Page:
Wesley Snipes avoids jail a little longer

Wesley Snipes avoids jail a little longerJust weeks after a federal appeals court upheld Wesley Snipes' 2008 three-year sentence on misdemeanor counts of failing to file tax returns, Snipes is again trying to avoid prison. The "Blade" actor has filed another motion in court, this time alleging judicial misconduct.

Snipes' initial appeal focused on what he considered to be an "unreasonable" sentence. He believed that he should serve, at most, time on probation. A panel of federal court judges disagreed, paving the way for Snipes to serve time in prison as originally ordered.

The most recent legal action has given Snipes a bit more time to enjoy his freedom. He now doesn't have to report to the Bureau of Prisons on September 2, which was the date allegedly given to Snipes by a U.S. marshal.

Procedurally, what's happening isn't so much a continuation of the legal process as a new direction. Snipes' lawyers have filed motion for a new trial, citing evidence that he has been denied his Fifth and Sixth Amendment rights. In case those amendments don't roll off your tongue quite so easily, here's the text of the Fifth Amendment:

No person shall be held to answer for a capital, or otherwise infamous crime, unless on a presentment or indictment of a Grand Jury, except in cases arising in the land or naval forces, or in the Militia, when in actual service in time of War or public danger; nor shall any person be subject for the same offense to be twice put in jeopardy of life or limb; nor shall be compelled in any criminal case to be a witness against himself, nor be deprived of life, liberty, or property, without due process of law; nor shall private property be taken for public use, without just compensation.
And the text of the Sixth Amendment:
In all criminal prosecutions, the accused shall enjoy the right to a speedy and public trial, by an impartial jury of the State and district where in the crime shall have been committed, which district shall have been previously ascertained by law, and to be informed of the nature and cause of the accusation; to be confronted with the witnesses against him; to have compulsory process for obtaining witnesses in his favor, and to have the Assistance of Counsel for his defense.
Snipes is specifically arguing that he is entitled to a new trial because three of the jurors allegedly remarked that they would find Snipes guilty without hearing any of the evidence. According to his lawyers, he has the emails to prove it, though it's unclear why those emails were not disclosed earlier.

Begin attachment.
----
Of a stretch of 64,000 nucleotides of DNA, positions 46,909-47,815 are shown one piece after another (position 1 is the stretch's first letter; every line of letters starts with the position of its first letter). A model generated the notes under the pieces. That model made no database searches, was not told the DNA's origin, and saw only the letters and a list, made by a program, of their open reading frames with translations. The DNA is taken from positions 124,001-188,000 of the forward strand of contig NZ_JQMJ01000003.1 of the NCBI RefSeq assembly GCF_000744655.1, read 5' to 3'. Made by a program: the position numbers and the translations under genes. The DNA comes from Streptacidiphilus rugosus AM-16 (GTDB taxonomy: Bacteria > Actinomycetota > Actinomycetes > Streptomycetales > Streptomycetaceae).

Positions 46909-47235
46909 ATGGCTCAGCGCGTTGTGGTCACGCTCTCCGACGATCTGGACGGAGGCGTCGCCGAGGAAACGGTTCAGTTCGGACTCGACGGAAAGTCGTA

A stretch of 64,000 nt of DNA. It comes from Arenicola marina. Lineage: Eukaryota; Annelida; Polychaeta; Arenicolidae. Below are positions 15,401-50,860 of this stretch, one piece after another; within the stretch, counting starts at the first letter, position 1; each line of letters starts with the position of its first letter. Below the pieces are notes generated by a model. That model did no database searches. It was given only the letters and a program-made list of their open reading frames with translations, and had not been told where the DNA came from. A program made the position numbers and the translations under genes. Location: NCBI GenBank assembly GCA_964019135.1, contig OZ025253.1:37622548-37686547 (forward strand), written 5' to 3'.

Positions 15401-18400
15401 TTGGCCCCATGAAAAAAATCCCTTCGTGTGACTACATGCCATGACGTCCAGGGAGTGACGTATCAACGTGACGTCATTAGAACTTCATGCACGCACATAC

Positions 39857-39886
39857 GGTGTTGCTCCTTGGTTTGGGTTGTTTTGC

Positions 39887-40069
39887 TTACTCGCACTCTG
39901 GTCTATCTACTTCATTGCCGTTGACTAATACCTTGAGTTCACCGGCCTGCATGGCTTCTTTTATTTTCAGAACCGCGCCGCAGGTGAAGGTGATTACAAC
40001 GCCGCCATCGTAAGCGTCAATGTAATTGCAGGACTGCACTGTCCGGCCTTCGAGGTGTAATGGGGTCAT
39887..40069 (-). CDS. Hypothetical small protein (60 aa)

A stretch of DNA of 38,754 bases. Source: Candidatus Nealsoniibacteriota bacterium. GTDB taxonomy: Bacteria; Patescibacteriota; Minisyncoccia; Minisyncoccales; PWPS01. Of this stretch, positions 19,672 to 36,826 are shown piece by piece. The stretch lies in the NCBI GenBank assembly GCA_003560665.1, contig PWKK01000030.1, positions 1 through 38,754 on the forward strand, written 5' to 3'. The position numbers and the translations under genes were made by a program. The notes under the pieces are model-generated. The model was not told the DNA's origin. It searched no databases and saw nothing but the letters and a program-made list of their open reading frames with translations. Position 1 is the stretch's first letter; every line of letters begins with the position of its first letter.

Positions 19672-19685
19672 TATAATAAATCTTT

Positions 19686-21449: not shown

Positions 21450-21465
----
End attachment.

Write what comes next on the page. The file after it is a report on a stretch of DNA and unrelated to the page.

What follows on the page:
Snipes also alleges that the prosecution failed to disclose details of criminal charges which had been filed against one of the witnesses and Snipes' former accountant, Kenneth Starr (no, not that Kenneth Starr).

There has been no ruling yet on Snipes' latest request.

Top Tax Deductions for Consultants

Consultants are likely to have deductible business expenses that can help you save big on your taxes. A checklist can help you account for every deduction you’re entitled to use. Here are the top tax deductions for consultants.

Read More

Brought to you by TurboTax.com

Seven Things You Didn't Know About Taxes

You know your federal taxes pay for government programs and services, like roads and national defense. And you may even know the difference between FICA and income tax. But did you know if you want to buy sparklers in West Virginia, you can expect to pay a special fee?

Read More

Brought to you by TurboTax.com

2018 Tax Reform Impact: What You Should Know

Congress has passed the largest piece of tax reform legislation in more than three decades. The bill will affect the taxes of most taxpayers, but one key point to keep in mind is that for most people, the bill won't affect your taxes for 2017 (the one you file in 2018).

Read More

Brought to you by TurboTax.com

Video: How to Estimate the Value of Clothing for IRS Deductions

Learn how to estimate the value of clothing for IRS tax deductions as charitable donations. The value of clothing donations to charity are based on published lists of retail values or current thrift store prices. List your donation values on the Form 8283 with the help of TurboTax in this video on filing annual taxes.

Read More

Brought to you by TurboTax.com
Read Full Story